New Tracker solution from Digital Matter using LoRa Edge/LR1110
Pi Foundation has released a new small unit - the Raspberry Pi Pico - Pi2400
Looks like it may be good for hackers and device makers
Designed by Raspberry Pi, RP2040 features a dual-core Arm Cortex-M0+ processor with 264KB internal RAM and support for up to 16MB of off-chip Flash. A wide range of flexible I/O options includes I2C, SPI, and — uniquely — Programmable I/O (PIO). These support endless possible applications for this small and affordable package.
21 mm × 51 mm form factor RP2040 microcontroller chip designed by Raspberry Pi in the UK Dual-core Arm Cortex-M0+ processor, flexible clock running up to 133 MHz 264KB on-chip SRAM 2MB on-board QSPI Flash 26 multifunction GPIO pins, including 3 analogue inputs 2 × UART, 2 × SPI controllers, 2 × I2C controllers, 16 × PWM channels 1 × USB 1.1 controller and PHY, with host and device support 8 × Programmable I/O (PIO) state machines for custom peripheral support Supported input power 1.8–5.5V DC Operating temperature -20°C to +85°C Castellated module allows soldering direct to carrier boards Drag-and-drop programming using mass storage over USB Low-power sleep and dormant modes Accurate on-chip clock Temperature sensor Accelerated integer and floating-point libraries on-chip
Also looks like there is a new Getting Started book based on this:
Some positive PR for our friend @Maj and the Meshed AU team
Nice board with dual-core ARM for a very attractive price (’$4’).
I see it being advertised by local resellers for €4.02, others €4.50 and €4.95.
First batches appear to be available in a week.
I briefly scanned the C++ SDK documentation.
I saw no mentioning of a familiar development framework (e.g. Arduino or ARM related), no mentioning of (Free)RTOS.
Maybe main focus will be MicroPython?
What about community, availability of libraries for sensors, displays etc?
Thanks @jeff-UK. Actually, the quote is not mine and likely belongs to someone else in our organisation. But the rest of the article is correct. This has been a fun solution to create from a technical perspective and we’ve learned a lot along the way. It wouldn’t have been possible without TTN and our city council customers. University of Wollongong created the Pedestrian Index Research Report from our customer data, with their permission.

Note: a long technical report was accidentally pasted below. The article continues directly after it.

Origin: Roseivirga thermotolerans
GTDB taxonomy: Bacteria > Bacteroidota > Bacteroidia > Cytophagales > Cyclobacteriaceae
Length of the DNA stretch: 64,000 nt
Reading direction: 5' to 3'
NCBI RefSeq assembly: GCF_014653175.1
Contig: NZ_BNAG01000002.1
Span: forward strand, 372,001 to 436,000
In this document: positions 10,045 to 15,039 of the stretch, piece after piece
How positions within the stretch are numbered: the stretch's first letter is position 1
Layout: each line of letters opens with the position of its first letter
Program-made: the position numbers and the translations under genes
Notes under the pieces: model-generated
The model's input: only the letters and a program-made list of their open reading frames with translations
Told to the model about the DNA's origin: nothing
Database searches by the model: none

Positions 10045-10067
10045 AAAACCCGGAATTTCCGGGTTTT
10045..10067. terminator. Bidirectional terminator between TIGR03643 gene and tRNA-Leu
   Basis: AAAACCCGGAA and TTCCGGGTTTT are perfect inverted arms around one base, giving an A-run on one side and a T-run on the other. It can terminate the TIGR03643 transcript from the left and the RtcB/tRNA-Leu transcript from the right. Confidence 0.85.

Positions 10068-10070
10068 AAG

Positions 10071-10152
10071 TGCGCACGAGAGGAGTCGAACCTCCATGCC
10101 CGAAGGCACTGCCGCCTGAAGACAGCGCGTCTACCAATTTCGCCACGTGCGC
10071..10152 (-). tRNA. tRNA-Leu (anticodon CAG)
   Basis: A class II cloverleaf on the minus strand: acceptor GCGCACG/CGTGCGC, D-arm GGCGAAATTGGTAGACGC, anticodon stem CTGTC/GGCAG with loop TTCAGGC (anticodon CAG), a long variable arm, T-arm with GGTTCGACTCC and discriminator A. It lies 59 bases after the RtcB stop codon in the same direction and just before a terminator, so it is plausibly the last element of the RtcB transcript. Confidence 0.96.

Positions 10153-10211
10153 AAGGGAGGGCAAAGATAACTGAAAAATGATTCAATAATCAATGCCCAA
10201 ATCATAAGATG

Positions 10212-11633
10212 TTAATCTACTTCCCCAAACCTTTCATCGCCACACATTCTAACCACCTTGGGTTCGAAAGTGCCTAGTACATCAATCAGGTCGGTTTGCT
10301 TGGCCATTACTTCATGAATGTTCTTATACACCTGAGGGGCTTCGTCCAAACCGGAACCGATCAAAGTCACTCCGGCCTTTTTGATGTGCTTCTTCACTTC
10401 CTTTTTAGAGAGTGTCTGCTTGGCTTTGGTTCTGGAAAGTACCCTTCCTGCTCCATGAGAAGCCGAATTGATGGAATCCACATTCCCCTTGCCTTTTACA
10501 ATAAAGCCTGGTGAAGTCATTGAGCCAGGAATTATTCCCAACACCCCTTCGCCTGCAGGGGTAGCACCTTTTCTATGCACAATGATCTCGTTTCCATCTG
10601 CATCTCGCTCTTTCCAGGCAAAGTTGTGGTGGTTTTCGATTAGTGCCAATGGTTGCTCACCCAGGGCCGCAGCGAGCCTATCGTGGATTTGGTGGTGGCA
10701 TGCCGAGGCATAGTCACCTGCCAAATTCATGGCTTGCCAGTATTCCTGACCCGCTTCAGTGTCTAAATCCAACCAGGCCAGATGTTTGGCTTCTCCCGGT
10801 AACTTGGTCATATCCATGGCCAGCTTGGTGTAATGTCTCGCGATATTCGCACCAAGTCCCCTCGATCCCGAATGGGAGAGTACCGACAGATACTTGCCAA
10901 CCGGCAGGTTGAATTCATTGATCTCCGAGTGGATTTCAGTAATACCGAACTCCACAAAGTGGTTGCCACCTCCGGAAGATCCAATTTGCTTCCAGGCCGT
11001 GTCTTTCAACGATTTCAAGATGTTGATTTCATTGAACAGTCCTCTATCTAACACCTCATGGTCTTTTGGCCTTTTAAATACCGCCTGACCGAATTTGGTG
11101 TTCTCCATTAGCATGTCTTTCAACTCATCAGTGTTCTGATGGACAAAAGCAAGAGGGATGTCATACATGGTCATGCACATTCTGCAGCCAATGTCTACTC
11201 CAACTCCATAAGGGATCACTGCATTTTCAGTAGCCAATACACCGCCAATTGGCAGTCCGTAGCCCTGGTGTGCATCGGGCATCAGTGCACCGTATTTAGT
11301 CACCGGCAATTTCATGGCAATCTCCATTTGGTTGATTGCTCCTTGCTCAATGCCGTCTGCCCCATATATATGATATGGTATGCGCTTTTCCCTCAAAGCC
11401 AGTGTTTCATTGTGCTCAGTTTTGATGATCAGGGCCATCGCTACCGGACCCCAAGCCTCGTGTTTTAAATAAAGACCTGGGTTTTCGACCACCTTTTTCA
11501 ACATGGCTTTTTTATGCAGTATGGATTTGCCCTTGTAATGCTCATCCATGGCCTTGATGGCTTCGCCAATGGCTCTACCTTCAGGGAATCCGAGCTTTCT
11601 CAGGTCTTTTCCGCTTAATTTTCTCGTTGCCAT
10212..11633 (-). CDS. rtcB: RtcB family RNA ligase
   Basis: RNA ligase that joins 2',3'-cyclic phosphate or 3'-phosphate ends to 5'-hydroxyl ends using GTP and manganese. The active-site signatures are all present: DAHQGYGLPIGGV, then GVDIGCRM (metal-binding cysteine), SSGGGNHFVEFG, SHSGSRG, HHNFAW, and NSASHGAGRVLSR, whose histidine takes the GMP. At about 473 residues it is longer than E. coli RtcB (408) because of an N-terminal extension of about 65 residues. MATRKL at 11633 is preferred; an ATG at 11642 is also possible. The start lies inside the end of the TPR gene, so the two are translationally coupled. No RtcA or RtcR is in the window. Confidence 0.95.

To update wrt dev bds & environment Arduino are now on board and using the same 2040 chip from the Pi foundation for their own products
Arduino Nano RP2040 Connect
A quick review of the C SDK that was published a couple of days ago on GitHub looks to me to be an ST/Microchip killer in terms of clarity - a particularly good stepping stone for those moving from “Arduino C” to using more of the MCU’s features for real. They aren’t mandating a “familiar development environment”, they suggest Visual Studio Code, you can use your own editor, there are instructions for Eclipse & CLion setup. The code is very similar to other more usable eco-systems so NotePad++ and the command line should work!
I think RPI foundation has got that as a solved solution with a huge base of users / fans / techies who will all oblige - the tidal wave of ports of libraries will no doubt spawn yet another package manager solution or two or more.
As for a FreeRTOS port, give them a freaking chance!
Semtech announce new Baseband device as part of the SX13xx family - SX1303 - looks to be footprint compatible with recent SX1302 adding fine timestamping for geoloc
Hi Jeff, Does this make the SX1302 technically obsolete?
Apart from same footprint, I know it also uses the same software as the SX1302.
Unless there is a huge cost difference between the two I would assume future gateways will be based on the SX1303.
I don’t know yet as not had chance to look at device differences in detail. Given how much more ‘geoloc’ GW’s sell for c/w standard ones and given SMTC charge a licence for them I would not be surprised if they don’t take a premium and then cost more same as with sx1301 vs sx1308, and then some. As you say if price too close and if volume pricing can close gap c/w lower volumes of 1302 then no brainier to standardise on the 03, which is another strategy SMTC could follow as makes geoloc gw the default and helps them proliferate - to the benefit of all! The devil will be in device detail and total BOM/build costs… will look closer after TTConf this week. Note several SMTC presentations at the event which may give clues…or we can ask live questions and see what horses mouth has to say
Bit of luck and they may sell the silicon for the same price but include an unlock mechanism with a code per gateway so you can upgrade it if you want to use it.
Had a look at OEM costs for the 1303 a few weeks ago and it was close to the 1302 cost. Ha quick read of the data sheet and found the S/W is the same, pinout is the same. So unless there is a downside I can’t see why the 1302 has a future.
Was only a skim read, so i may have missed something
More market stats and IoT comm tech assessments for anyone interested
1 key take away for LoRa/LoRaWAN:
LoRa leads in LPWA technology: By 2026, LoRa is expected to be the leading non-cellular LPWA network technology and will account for over a one-fourth share of all LPWA network connections and more than half of all non-cellular LPWA connections. Total non-cellular LPWA connections in 2026 are expected to reach 1.3 billion.
A new LoRaWAN module based on Renesas RL78 MCU + SX1262
Helpful hints on LoRaWAN purchasing from RS Online:
300 ml, that will suffice for a large batch of modules.
Arduino IDE v2.0 beta available
The new IDE is based on the Eclipse Theia framework, which is an open source project based on the same architecture as VS Code (language server protocol, extensions, debugger). The front-end is written in TypeScript, while most of the backend is written in Golang.